New Jersey’s beautiful and varied landscapes give its residents many reasons to celebrate. The Garden State’s backdrop is a colorful, diverse scenery – from the Great Swamp, to the coastal Jersey Shore, to the mountain ranges. Its natural features have drastically shaped the lives of the people who have inhabited the area for thousands of years.

But how have people interacted with this land over time? Historic maps, surveying tools, and other accounts provide the keys to better understanding our relationship to our environment. Artistic renderings reveal the creativity that our natural surroundings often spark within us. As you explore Surveying the New Jersey Landscape, consider your own connection to the landscape and the human impact that we have had on the local topography, wildlife, and vegetation over time.

Thank You To Those Who Helped Make This Exhibit Possible

  • Montclair History Center
  • Morris County Historical Society
  • Morris County Parks Comission
  • Karen Spicer
  • Walter Rodriguez
  • Erin Benz
  • Tom Judd

Explore Part of Surveying the New Jersey Landscape

Historic Maps

 

“A Mapp of New Jersey in America”, circa 1676 Created by British cartographers John Seller, William Fisher From the New York Public Library

Map of Early New Jersey

New Jersey wasn’t always a single, unified territory. From 1674 to 1702, the land was split into two parts: East New Jersey and West New Jersey. This map was created by British cartographers shortly after colonial proprietors divided the land in this manner. The map was intended to promote early settlement to the area. Notice the depictions of waterways, local animal life, and buildings.

 

 

Map of Madison

Throughout the 19th century, areas of New Jersey farmland became increasingly industrialized. Many towns – like Madison – experienced tremendous growth along newly constructed railroad lines, with developed centralized downtown areas and clusters of businesses. These maps were created in the late 19th century, around the time of this industrial boom in Morris County.

Surveying Equipment

This piece of equipment is called a theodolite or transit. It was created in the late 19th century by Frederick E. Brandis in New York. It contains a rotating telescope that can measure both horizontal and vertical angles. These instruments provide precise measurements used to create a topographical map that illustrates the landscape’s geographical features.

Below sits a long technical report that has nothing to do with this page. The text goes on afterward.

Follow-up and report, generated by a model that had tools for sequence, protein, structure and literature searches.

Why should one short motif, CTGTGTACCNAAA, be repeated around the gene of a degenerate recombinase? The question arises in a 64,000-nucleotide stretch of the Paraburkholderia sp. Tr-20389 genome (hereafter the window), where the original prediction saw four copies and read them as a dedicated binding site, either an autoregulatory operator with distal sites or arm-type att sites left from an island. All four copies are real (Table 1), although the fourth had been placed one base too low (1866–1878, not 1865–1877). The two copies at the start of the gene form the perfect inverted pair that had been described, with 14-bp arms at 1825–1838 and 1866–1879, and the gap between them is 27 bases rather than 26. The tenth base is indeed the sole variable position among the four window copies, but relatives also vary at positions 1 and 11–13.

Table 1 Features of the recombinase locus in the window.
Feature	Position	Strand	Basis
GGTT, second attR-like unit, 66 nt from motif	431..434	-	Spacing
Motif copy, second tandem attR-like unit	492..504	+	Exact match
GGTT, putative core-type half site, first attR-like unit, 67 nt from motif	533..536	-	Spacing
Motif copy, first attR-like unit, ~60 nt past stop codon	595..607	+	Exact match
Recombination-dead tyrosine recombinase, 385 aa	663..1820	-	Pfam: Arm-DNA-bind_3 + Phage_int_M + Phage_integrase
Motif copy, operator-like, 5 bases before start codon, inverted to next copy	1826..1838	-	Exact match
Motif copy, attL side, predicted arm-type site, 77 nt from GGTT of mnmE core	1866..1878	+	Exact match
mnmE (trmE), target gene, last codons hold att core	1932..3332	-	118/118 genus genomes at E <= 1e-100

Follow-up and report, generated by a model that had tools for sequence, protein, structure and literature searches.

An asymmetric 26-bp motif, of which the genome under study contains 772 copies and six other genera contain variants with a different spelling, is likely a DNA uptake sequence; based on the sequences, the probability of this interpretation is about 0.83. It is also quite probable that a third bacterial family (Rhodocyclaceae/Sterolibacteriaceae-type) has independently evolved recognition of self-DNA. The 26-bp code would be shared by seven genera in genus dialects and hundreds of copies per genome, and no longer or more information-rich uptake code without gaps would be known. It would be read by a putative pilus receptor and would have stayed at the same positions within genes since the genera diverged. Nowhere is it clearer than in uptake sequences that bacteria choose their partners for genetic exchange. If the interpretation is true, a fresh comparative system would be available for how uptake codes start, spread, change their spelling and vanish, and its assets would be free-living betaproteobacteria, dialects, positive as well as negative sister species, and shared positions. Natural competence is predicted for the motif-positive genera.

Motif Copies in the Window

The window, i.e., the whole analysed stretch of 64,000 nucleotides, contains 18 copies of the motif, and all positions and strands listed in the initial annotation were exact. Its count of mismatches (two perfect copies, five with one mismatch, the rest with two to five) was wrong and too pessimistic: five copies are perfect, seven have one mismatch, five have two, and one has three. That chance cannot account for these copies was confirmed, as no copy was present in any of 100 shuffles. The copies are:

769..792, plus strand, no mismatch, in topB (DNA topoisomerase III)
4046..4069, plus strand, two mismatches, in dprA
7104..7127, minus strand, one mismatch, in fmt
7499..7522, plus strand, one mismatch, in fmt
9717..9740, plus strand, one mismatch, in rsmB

Surveyors used brass compasses like this one to measure and record direction. The surveyor mounted the compass on a large tripod and sighted a direct line between two landscape features, such as trees, houses, or streams.

This intricate brass compass was crafted by Nathan Storrs of Connecticut in the early 1790s.

Landscape Architecture

Spirit of the Garden by Martha Brookes Hutcheson (1923) From the Collections of the Morris County Park Commission, Morris County, NJ

 

 

 

Martha Brookes Hutcheson is often considered one of the most prominent landscape architects in New Jersey history. She managed a beautifully landscaped property called Merchiston Farm in Chester. Her work promoted the health and vitality of the state’s native plants. You can still visit Merchiston Farm today through the Morris County Park Commission. It is now called the Bamboo Brook Outdoor Education Center.

 

Landscape architects used a variety of tools to create beautiful and landscapes.  One of the many tools used was a seed planter or dibble. This tool would help poke holes in the soil, then drop seeds in.

From the collection of the Montclair History Center

The Great Swamp

Right in our backyard resides the Great Swamp watershed, a geographical area that covers about 35,000 acres in Morris and Somerset Counties. People have lived in this swamp land for centuries. In the 1800s, local communities used the swamp’s many natural resources for sustenance – particularly lumber for firewood.

In 1959, the Port Authority attempted to construct an international airport in the swamp lands, which would have destroyed much of this natural landscape. This effort was thwarted largely due to the protests of local residents, particularly Helen C. Fenske. In 1964, the Great Swamp became a National Wildlife Refuge, which continues to advocate for the protection and preservation of these lands today.